During clashes in early June, a protester in Srinagar, Kashmir, lobs a tear gas canister back at Indian security forces.
(TAUSEEF MUSTAFA/AFP/Getty Images)
Until recently, Zakir Musa was a commander for Hizbul Mujahideen, an insurgent organization boasting some 200 fighters scattered throughout the districts adjacent to Kashmir's capital, Srinagar. But on May 12, audio statements were released in which Musa disavowed both Pakistan and the fight for Kashmir to secede from India. He stated his desire to implement a hard-line interpretation of Islamic law in Kashmir, and claimed that nationalism and democracy were not Islamic.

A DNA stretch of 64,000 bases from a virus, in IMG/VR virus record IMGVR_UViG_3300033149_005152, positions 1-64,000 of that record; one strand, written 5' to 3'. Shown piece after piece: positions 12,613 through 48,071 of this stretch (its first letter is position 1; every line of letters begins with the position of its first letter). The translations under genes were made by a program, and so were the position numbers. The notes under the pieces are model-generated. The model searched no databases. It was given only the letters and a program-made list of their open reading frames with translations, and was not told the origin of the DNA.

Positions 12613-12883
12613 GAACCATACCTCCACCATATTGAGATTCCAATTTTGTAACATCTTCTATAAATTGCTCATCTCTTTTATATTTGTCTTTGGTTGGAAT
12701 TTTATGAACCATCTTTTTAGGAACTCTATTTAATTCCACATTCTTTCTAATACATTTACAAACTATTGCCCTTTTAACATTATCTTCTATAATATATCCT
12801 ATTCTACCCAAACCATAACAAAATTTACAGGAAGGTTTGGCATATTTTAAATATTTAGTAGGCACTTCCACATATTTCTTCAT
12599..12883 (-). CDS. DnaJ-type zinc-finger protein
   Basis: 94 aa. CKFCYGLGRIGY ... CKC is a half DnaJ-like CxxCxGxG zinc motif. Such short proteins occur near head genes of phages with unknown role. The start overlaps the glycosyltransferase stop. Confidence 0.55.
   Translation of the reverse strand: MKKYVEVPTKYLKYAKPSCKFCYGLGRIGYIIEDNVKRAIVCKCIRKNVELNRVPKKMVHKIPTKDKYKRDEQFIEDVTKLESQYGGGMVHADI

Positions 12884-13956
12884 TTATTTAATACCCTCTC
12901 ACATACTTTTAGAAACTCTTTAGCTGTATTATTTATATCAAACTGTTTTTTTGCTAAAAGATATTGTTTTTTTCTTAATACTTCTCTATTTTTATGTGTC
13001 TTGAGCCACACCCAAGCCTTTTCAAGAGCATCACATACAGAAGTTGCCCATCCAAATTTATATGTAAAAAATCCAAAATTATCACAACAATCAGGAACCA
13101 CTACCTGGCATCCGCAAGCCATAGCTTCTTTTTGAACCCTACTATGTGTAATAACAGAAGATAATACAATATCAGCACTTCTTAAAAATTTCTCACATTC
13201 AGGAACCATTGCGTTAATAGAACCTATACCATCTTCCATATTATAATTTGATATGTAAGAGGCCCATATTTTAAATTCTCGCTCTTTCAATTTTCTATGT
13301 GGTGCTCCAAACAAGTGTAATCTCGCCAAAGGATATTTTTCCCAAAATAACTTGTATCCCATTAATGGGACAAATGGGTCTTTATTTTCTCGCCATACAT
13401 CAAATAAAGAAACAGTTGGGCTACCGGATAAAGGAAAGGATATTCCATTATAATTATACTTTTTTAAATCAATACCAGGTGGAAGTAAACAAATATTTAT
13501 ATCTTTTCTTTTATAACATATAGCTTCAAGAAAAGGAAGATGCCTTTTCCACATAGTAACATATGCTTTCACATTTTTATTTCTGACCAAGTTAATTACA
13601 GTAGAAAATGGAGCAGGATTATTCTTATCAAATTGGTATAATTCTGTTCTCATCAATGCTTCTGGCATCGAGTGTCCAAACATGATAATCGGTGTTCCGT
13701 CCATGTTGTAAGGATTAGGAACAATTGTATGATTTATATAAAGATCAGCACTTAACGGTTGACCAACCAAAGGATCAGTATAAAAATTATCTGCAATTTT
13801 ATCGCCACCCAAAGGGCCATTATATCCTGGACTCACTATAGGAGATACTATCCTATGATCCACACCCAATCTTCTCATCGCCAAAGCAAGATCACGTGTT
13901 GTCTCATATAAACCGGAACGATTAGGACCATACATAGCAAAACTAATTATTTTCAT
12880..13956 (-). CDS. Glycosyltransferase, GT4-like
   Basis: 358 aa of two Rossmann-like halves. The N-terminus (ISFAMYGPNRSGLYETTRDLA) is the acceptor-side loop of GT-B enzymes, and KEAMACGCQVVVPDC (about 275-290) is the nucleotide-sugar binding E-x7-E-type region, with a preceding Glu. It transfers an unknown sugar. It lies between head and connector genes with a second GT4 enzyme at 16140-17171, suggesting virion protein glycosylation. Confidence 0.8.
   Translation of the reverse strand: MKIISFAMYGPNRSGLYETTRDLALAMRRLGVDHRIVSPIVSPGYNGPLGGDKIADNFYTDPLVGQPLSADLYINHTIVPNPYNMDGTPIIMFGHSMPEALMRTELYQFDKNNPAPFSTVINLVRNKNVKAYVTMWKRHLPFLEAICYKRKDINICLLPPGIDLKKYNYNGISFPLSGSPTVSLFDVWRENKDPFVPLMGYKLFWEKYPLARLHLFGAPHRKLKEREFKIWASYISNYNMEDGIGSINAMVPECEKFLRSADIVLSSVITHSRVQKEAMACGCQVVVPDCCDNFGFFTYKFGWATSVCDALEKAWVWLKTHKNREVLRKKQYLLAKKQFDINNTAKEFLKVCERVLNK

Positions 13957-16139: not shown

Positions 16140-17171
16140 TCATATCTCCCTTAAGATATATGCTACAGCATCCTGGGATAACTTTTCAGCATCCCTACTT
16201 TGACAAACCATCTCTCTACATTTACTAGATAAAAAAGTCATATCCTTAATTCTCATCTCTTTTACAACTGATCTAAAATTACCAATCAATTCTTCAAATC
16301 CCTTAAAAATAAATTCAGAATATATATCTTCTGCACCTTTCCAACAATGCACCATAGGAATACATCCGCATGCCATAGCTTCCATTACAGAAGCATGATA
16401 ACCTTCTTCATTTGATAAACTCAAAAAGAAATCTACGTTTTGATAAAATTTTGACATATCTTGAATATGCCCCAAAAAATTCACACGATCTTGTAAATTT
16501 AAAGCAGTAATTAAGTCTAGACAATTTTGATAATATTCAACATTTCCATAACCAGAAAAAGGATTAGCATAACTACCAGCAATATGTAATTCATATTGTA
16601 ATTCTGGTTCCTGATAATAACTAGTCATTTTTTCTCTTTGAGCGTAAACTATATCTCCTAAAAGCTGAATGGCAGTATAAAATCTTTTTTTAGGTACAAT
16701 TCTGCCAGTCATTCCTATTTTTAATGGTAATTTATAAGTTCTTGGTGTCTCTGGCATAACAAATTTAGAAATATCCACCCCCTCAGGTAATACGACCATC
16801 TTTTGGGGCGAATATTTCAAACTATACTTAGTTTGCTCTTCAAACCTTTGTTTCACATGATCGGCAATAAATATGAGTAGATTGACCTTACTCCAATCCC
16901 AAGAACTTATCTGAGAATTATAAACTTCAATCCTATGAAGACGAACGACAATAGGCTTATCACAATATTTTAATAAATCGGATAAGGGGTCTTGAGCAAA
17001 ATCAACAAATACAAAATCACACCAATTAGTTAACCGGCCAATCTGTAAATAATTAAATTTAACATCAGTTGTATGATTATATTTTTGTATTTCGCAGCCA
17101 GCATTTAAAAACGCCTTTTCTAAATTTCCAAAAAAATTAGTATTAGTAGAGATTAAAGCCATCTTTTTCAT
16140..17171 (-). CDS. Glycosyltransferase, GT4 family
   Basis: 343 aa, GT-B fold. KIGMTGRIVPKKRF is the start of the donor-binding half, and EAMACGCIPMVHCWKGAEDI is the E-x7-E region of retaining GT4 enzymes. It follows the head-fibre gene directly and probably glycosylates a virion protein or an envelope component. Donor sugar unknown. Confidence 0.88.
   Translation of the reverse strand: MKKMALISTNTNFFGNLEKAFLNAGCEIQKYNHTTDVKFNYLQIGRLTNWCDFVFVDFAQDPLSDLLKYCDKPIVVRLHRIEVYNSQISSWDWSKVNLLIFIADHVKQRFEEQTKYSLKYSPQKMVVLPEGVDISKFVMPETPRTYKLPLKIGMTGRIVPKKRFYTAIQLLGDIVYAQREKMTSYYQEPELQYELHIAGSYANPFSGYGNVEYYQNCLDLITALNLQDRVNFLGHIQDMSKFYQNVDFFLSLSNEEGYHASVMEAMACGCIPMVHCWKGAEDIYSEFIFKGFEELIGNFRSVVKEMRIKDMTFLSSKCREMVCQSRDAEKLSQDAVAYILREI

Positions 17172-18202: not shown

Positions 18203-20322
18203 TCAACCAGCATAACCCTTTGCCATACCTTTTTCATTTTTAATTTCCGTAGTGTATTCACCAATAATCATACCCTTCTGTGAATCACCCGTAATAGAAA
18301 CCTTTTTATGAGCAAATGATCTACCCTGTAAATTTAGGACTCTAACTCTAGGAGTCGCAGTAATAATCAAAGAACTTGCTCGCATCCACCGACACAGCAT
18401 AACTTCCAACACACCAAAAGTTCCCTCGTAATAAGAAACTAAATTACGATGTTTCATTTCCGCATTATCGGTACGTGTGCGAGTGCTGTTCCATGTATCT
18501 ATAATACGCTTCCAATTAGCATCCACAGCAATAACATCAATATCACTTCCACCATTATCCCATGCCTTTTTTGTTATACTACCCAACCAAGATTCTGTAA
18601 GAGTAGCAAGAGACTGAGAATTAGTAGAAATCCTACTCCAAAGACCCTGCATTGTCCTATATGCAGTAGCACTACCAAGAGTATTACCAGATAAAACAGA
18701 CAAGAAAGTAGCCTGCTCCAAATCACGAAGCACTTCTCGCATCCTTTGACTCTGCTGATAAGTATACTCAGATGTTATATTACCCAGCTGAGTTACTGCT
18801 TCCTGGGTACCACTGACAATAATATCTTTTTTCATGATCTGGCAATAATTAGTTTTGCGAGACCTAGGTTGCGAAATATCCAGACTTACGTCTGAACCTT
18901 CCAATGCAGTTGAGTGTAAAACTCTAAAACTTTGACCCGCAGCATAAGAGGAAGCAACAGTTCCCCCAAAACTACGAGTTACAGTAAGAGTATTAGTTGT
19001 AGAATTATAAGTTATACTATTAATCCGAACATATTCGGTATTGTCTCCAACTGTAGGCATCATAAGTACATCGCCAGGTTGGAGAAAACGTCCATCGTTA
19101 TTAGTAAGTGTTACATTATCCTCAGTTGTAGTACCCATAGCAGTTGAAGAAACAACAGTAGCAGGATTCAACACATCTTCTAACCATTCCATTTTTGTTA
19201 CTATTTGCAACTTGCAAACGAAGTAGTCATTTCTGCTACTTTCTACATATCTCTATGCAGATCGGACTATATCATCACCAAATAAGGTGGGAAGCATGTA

For Pakistan, Musa represents a threat to its strategy of co-opting the Kashmiri insurgency to put pressure on India. Musa's Islamist ideology raises the specter of transnational jihadism establishing a foothold in Kashmir, a prospect that neither Islamabad nor New Delhi want....